Intel has begun shipping its next-generation server chip, Prestonia, in sample quantities at an initial speed of 2.2GHz, according to reports.
The chip is Intel's first server platform based on the Pentium 4 architecture, and comes on the heels of Intel's cancellation last year of the "Foster" server processor. Prestonia is based on a 0.13-micron process and will include a 512KB on-chip cache. The Foster version of the chip would have featured an 0.18-micron architecture and 256KB of on-chip cache.
Intel is understood to be in full production on the chip, which is to be officially announced later this quarter. Two Prestonias can be used in a dual-processor configurations, but not in any larger multi-processor setups.
A representative of the chip company told Electronic Buyers News, an industry publication, that the chips were sampling ahead of product introductions by manufacturers later this week. Intel UK would not comment on the report, but said that it is usual to sample chips "some time ahead" of an official introduction.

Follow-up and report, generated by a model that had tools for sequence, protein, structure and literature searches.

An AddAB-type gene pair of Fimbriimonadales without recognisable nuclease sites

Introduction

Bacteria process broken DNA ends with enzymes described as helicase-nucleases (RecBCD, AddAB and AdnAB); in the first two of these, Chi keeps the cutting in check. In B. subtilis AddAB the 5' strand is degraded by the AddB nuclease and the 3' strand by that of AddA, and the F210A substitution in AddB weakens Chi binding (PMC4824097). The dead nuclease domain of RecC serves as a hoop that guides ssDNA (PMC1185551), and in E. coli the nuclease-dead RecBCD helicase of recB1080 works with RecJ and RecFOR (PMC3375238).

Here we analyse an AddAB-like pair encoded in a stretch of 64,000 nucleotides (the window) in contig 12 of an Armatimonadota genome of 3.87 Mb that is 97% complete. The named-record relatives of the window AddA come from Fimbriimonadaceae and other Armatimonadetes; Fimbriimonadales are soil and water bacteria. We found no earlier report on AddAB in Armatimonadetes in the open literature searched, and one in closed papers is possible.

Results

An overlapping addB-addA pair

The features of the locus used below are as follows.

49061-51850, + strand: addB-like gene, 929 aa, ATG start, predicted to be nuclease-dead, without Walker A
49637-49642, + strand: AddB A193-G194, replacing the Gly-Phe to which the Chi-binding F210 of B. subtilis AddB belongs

Intel cancelled Foster last year, saying that Prestonia's launch had been brought up, and that there wasn't enough demand to warrant releasing two server chips so close together. Server customers generally upgrade less frequently than desktop buyers.
Prestonia will finally bring the Pentium 4 architecture into the lucrative Xeon server product line, months after a Pentium 4-based Xeon launched for workstations. Workstation and server chips boost performance by allowing the chip to run in multi-processor configurations and increasing the amount of memory it can address.
The Pentium 4-based Xeon has been waiting for a chipset to enable its server-grade features, according to Intel. Broadcom's ServerWorks division will supply a chipset for Prestonia, and Intel will also manufacture its own Plumas chipset, both using double data-rate (DDR) memory. The workstation version of Prestonia will use Intel's 860 chipset, which uses Rambus memory.
A successor to Prestonia, "Gallatin", is to be unveiled in the fourth quarter. It is expected to have a larger L2 cache than Prestonia, and to support larger multi-processor configurations.
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